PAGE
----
|CompTox Dashboard (EPA)|
|Chemical and physical data|
|Molar mass||382.439 g·mol−1|
|3D model (JSmol)|
ADB-FUBINACA is a designer drug identified in synthetic cannabis blends in Japan in 2013. In 2018, it was the third-most common synthetic cannabinoid identified in drugs seized by the Drug Enforcement Administration.
The (S)-enantiomer of ADB-FUBINACA is described in a 2009 Pfizer patent and has been reported to be a potent agonist of the CB1 receptor and the CB2 receptor with EC50 values of 1.2 nM and 3.5 nM, respectively. ADB-FUBINACA features a carboxamide group at the 3-indazole position, like SDB-001 and STS-135. ADB-FUBINACA appears to be the product of rational drug design, since it differs from AB-FUBINACA only by the replacement of the isopropyl group with a tert-butyl group.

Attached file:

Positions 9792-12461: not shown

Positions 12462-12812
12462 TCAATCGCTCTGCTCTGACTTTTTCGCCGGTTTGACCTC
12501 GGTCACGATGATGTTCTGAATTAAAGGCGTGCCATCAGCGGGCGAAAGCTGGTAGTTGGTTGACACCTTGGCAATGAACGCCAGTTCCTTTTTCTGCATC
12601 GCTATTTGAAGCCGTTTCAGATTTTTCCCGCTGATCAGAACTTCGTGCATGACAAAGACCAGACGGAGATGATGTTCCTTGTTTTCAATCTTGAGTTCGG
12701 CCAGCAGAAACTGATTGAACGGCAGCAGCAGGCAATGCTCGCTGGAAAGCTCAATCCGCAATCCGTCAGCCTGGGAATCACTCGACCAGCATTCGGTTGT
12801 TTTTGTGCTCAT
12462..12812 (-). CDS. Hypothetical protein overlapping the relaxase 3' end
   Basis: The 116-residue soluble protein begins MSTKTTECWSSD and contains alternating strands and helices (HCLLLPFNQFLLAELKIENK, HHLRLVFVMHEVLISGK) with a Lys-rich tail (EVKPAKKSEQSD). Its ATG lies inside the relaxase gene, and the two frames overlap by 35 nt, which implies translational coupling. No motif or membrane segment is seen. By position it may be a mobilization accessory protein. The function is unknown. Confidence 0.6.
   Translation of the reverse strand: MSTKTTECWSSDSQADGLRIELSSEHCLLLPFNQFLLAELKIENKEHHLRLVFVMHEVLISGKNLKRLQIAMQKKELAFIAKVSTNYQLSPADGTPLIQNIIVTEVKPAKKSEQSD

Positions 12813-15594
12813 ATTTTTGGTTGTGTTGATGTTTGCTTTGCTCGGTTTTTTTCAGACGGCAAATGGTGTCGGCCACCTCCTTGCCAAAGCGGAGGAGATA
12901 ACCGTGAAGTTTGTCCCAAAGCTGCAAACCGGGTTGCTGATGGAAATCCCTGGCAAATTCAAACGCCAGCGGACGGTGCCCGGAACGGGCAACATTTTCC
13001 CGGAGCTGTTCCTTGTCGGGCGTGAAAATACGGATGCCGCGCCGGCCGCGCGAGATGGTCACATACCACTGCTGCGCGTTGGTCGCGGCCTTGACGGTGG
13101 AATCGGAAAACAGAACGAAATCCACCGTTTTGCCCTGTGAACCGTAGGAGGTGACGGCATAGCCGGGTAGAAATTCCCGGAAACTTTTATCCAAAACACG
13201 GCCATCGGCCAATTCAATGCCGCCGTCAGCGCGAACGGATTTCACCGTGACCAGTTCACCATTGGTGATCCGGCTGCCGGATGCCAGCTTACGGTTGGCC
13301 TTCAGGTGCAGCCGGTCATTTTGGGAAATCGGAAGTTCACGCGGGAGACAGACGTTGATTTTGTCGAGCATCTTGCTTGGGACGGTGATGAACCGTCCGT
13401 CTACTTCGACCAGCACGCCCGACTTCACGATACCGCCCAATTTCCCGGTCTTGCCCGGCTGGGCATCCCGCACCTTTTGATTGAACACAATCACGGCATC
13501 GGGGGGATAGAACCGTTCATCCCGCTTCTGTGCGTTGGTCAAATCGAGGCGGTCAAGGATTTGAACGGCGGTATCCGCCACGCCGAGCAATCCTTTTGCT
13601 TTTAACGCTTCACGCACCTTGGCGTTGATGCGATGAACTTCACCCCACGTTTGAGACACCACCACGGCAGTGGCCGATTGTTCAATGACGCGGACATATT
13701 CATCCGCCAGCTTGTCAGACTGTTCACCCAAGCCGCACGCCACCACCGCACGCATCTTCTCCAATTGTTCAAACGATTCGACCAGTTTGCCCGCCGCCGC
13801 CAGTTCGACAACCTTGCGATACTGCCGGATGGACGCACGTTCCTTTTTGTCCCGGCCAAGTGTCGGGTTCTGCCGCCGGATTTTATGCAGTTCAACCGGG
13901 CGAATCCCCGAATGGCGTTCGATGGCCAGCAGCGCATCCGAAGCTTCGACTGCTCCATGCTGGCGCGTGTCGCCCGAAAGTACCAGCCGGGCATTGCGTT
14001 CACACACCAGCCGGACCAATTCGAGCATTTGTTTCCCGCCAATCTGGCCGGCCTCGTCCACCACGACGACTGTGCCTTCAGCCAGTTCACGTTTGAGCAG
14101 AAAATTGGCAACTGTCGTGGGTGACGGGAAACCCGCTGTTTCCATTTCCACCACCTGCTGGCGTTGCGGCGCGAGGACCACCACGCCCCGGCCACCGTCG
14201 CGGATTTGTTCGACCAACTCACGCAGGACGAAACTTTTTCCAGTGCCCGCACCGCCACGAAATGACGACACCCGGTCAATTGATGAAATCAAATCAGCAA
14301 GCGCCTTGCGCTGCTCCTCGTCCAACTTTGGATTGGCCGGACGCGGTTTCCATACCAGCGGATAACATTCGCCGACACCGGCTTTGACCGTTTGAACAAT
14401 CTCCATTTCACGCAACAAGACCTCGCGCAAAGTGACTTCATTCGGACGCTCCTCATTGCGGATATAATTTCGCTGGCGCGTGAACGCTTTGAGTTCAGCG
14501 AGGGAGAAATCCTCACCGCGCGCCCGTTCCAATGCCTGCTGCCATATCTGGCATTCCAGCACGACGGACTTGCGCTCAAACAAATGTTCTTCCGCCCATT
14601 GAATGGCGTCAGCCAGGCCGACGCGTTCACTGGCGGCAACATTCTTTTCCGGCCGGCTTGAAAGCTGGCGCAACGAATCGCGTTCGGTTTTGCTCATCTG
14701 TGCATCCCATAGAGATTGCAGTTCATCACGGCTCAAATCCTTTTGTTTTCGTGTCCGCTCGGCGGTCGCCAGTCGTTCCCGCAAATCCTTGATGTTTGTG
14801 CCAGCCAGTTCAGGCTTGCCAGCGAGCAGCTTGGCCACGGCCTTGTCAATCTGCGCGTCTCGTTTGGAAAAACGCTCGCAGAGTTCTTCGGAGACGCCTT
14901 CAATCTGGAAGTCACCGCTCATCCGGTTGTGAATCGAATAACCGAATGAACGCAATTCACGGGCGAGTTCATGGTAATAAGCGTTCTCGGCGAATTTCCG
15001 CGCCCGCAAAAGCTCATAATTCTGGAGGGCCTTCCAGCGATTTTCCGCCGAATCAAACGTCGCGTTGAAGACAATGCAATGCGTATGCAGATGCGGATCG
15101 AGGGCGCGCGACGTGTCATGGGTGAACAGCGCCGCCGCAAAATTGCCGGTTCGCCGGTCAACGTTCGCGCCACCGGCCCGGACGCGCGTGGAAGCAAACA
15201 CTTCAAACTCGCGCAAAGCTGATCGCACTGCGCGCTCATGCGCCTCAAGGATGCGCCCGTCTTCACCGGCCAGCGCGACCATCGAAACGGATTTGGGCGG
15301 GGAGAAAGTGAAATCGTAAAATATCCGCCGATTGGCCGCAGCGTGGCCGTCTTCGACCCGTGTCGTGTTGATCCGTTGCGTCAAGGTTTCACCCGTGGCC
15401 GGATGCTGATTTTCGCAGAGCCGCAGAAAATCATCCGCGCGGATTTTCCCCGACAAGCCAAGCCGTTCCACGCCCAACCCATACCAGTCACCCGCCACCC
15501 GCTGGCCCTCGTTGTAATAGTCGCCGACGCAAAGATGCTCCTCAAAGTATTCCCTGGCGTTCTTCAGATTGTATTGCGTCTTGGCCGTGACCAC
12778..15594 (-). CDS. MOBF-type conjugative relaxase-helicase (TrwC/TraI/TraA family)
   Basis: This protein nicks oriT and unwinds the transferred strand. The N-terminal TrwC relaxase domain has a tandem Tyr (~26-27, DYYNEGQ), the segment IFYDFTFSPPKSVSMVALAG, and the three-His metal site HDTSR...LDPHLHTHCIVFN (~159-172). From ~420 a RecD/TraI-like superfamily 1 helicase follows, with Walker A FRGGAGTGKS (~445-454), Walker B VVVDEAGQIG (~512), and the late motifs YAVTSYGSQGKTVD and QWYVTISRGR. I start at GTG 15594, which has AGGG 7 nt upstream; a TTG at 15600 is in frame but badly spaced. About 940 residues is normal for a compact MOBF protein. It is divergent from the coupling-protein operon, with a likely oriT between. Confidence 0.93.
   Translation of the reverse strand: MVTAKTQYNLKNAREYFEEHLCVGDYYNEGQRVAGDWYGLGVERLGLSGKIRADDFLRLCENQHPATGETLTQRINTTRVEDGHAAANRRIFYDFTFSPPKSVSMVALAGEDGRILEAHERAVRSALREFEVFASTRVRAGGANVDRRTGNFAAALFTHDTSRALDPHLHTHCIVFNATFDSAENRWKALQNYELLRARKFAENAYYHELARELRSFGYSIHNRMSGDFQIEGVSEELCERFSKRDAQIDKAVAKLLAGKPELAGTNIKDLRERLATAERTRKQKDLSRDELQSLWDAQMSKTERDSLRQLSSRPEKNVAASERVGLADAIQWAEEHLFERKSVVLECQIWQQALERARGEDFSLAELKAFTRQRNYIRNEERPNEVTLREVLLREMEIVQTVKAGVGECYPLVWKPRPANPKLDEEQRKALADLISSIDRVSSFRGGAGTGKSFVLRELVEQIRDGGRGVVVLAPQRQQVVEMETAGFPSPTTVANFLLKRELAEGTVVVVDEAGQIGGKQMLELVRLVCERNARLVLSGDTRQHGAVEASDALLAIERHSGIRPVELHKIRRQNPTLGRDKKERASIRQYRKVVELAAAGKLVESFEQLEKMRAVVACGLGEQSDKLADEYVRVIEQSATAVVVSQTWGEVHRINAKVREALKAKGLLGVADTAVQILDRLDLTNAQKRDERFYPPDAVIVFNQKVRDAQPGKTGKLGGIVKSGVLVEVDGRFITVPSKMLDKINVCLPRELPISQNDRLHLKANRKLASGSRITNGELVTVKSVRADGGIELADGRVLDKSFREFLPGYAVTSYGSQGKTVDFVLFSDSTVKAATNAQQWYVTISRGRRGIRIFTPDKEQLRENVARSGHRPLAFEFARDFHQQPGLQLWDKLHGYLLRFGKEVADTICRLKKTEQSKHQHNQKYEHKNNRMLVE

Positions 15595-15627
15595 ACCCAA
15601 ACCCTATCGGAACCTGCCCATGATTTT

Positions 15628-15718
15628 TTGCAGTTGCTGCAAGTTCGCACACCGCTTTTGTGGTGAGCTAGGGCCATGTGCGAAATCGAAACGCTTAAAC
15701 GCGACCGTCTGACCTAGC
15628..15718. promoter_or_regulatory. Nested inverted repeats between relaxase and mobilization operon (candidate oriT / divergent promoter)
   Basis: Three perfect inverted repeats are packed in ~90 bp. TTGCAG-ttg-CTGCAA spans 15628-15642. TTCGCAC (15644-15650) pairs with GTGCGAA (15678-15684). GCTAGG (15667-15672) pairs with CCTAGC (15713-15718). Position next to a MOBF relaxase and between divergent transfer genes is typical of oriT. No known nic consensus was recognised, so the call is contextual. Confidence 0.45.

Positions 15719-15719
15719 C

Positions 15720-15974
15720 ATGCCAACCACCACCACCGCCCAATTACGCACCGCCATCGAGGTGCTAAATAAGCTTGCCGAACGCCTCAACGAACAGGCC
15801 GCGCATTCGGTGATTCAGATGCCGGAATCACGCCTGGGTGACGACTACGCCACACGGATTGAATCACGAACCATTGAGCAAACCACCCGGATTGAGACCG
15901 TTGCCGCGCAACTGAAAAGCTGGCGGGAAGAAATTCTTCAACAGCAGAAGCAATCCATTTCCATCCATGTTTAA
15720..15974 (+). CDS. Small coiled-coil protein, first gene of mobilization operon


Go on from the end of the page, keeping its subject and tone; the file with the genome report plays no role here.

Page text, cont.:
An analogue of ADB-FUBINACA, ADSB-FUB-187, containing a more functionalized carboxamide substituent was recently reported.
One death through coronary arterial thrombosis has been linked to ADB-FUBINACA intoxication.
At least an additional 8 deaths in Hungary in 2015 are linked to the usage of this material, all deaths were youngsters below 21.
Twenty-three ADB-FUBINACA major metabolites were identified in several incubations with cryopreserved human hepatocytes. Major metabolic pathways were alkyl and indazole hydroxylation, terminal amide hydrolysis, subsequent glucuronide conjugations, and dehydrogenation.
In the United States, ADB-FUBINACA is a Schedule I controlled substance.